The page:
Pigpen

BB

(out of 5)

Original title:  Porcile

Alternate title:  Pigsty


Pier Paolo Pasolini at his most experimental, and ultimately most difficult. The film runs two story lines side by side: in one,  is a soldier of what seem to be mythical times, roaming the beautiful landscape of Mt. Etna and eating the humans he encounters. In the other,  is the son of a Nazi industrialist who lives in a giant Italian villa and instead of marrying the girl that he loves () or following in his father’s footsteps, instead prefers the company of pigs, which doesn’t go over well with the townspeople. The first story features unappetizing imagery but goes over better: the panoramic shots of gorgeous green and long shots of battle-ready extras roaming the hills against near-perfect silence are breathtakingly beautiful, while the modern story focuses far too much on dull conversations between Leaud’s father and his business collaborator. Pasolini has a lot to say with this one, but so many scenes are too clinical and it is highly unlikely that any but the most devoted fans will care to work it all out.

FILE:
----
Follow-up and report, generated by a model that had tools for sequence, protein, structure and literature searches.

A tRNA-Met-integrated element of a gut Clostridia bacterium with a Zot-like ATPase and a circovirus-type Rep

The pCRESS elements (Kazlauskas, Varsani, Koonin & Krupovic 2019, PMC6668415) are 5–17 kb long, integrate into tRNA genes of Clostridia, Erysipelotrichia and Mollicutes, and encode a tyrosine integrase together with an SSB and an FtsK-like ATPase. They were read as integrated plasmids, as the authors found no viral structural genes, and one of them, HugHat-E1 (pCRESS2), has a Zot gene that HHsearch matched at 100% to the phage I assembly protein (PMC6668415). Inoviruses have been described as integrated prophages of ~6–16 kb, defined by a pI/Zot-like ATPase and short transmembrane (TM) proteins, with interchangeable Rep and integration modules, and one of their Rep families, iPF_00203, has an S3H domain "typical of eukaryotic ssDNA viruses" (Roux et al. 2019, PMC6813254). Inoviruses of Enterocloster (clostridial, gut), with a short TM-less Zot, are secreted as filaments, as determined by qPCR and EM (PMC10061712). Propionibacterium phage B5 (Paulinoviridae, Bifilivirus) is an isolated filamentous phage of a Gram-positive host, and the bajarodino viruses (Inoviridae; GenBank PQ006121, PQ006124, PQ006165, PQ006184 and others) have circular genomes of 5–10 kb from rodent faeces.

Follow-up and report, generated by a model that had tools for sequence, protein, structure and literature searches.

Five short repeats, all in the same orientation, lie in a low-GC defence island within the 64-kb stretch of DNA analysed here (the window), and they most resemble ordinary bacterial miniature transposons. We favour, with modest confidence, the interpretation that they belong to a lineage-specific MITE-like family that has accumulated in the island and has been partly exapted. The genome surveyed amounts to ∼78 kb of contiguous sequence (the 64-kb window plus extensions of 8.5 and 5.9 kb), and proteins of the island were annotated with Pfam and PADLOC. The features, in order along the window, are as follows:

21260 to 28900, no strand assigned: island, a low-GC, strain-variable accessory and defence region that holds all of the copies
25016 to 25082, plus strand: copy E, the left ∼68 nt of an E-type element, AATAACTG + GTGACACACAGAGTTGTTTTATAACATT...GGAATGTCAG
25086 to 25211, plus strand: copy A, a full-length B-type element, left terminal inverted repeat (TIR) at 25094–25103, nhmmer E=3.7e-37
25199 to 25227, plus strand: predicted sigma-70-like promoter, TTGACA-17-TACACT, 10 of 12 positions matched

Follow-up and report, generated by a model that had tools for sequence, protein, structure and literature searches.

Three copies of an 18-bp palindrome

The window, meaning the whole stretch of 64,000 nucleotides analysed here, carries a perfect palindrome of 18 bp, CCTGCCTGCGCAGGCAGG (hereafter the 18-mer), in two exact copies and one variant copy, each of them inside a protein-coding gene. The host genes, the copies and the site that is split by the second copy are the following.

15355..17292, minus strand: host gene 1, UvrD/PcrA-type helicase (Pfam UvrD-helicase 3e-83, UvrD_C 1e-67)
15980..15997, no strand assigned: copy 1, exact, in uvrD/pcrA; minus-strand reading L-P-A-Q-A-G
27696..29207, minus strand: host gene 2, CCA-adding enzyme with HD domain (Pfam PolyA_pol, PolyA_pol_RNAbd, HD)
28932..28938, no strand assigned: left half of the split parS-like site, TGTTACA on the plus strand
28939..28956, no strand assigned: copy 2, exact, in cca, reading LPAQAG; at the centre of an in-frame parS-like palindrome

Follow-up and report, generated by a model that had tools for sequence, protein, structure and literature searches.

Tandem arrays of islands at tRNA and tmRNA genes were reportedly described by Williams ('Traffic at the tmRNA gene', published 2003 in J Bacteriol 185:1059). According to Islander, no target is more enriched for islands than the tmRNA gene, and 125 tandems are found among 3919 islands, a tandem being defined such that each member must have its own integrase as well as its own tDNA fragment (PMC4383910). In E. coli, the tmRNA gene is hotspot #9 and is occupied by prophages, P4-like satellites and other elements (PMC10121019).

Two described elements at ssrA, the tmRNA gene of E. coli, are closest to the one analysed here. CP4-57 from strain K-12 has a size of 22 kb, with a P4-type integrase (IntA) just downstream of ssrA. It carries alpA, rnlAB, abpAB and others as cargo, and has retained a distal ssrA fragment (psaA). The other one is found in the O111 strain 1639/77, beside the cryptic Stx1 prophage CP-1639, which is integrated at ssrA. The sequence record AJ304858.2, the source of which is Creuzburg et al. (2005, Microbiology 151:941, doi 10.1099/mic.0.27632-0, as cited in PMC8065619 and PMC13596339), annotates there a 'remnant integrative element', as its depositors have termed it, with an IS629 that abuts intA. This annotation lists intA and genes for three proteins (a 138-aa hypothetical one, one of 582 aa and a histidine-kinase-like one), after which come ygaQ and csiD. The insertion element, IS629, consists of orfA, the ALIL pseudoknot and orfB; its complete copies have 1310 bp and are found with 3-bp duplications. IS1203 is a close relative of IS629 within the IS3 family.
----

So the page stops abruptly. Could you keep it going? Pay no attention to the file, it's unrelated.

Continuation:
I Film Dell’Orso, Internazionale Nembo Distribuzione Importazione Esportazione Film, IDI Cinematografica, C.A.P.A.C.

Italy/France, 1969

Directed by

Screenplay by Pier Paolo Pasolini

Cinematography by , ,

Produced by

Music by

Costume Design by

Film Editing by

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